In today’s rough market, financial professionals are treading out rebalancing plans or other investment advice, but the real value of their counsel may lie elsewhere.
“An advisor is adding more value when she is managing your emotions than when she is managing your money,” writes Behavioural finance expert Daniel Crosby in a blog post from early August. “Fully half of that owes to behavioral coaching, or preventing clients from making foolish decisions during times of fear or greed!”
We’ve heard the old maxim that asset allocation is responsible for almost all investment returns with very little of that performance attributed to actual security selection. Crosby suggests, based on findings from Vanguard, that an advisor’s hand-holding does more to boost returns than either asset allocation or the rebalancing of a client’s portfolio.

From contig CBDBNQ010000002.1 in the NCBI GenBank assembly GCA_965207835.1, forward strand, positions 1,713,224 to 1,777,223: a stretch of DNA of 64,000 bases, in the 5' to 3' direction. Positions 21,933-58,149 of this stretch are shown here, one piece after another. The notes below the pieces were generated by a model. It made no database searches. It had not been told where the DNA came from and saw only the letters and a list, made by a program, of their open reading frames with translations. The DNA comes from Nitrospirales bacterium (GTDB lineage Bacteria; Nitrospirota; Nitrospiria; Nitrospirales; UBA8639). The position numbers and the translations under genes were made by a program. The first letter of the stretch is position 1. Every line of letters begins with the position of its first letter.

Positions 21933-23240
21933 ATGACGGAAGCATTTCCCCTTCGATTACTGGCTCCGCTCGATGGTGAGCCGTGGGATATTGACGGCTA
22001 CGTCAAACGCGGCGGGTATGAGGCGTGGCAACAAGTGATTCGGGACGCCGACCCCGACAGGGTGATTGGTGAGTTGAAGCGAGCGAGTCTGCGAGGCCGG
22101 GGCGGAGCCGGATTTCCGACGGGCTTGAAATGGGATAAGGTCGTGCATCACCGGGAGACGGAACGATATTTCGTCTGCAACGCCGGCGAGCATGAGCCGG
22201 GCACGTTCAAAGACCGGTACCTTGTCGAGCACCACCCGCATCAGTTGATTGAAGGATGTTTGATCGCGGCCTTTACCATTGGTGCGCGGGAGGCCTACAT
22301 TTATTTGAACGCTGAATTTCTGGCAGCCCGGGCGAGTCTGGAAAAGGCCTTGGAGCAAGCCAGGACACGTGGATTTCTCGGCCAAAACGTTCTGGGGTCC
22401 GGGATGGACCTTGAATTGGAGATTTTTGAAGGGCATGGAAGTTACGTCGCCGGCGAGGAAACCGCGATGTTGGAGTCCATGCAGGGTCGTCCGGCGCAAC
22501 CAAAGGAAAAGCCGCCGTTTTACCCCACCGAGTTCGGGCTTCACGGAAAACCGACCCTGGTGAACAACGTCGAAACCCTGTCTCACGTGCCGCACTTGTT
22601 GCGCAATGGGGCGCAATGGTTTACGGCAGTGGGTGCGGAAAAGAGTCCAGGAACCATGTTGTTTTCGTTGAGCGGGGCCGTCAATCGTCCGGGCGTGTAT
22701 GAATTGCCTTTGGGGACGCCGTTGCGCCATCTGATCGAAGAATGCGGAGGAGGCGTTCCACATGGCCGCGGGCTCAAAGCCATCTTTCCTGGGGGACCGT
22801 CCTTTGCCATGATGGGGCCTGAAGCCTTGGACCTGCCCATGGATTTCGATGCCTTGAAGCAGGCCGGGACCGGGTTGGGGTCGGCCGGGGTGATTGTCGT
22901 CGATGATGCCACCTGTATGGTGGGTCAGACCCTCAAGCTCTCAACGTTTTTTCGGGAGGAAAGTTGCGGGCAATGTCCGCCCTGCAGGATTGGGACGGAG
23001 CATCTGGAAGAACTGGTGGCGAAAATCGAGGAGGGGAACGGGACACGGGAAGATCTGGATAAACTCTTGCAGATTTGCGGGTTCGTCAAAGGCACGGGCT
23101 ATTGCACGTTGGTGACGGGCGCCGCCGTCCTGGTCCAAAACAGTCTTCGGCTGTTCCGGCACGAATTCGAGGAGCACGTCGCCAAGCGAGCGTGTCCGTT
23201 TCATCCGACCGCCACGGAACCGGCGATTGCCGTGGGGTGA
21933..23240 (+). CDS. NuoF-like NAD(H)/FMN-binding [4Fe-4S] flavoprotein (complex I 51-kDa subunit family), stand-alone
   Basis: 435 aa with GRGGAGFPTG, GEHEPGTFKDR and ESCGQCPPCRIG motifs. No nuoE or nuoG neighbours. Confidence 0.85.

“The research suggests that in addition to the financial rewards that may accrue to those working with an advisor, (that partnership) also provides increases in confidence and security that are no less valuable,” writes Crosby. “Receiving good financial advice pays a dividend that builds both wealth and confidence. The research is unequivocal that a competent financial guide can both help you achieve the returns necessary to arrive at your financial destination while simultaneously improving the quality of your journey.”
So, the next time you’re meeting with a prospective client, you might want to refrain from pulling out charts and tables showing the returns of winning mutual funds or ETFs and instead focus on the “Behavioural Alpha” you’re able to provide them.
After all, that’s where an advisor’s real value lies.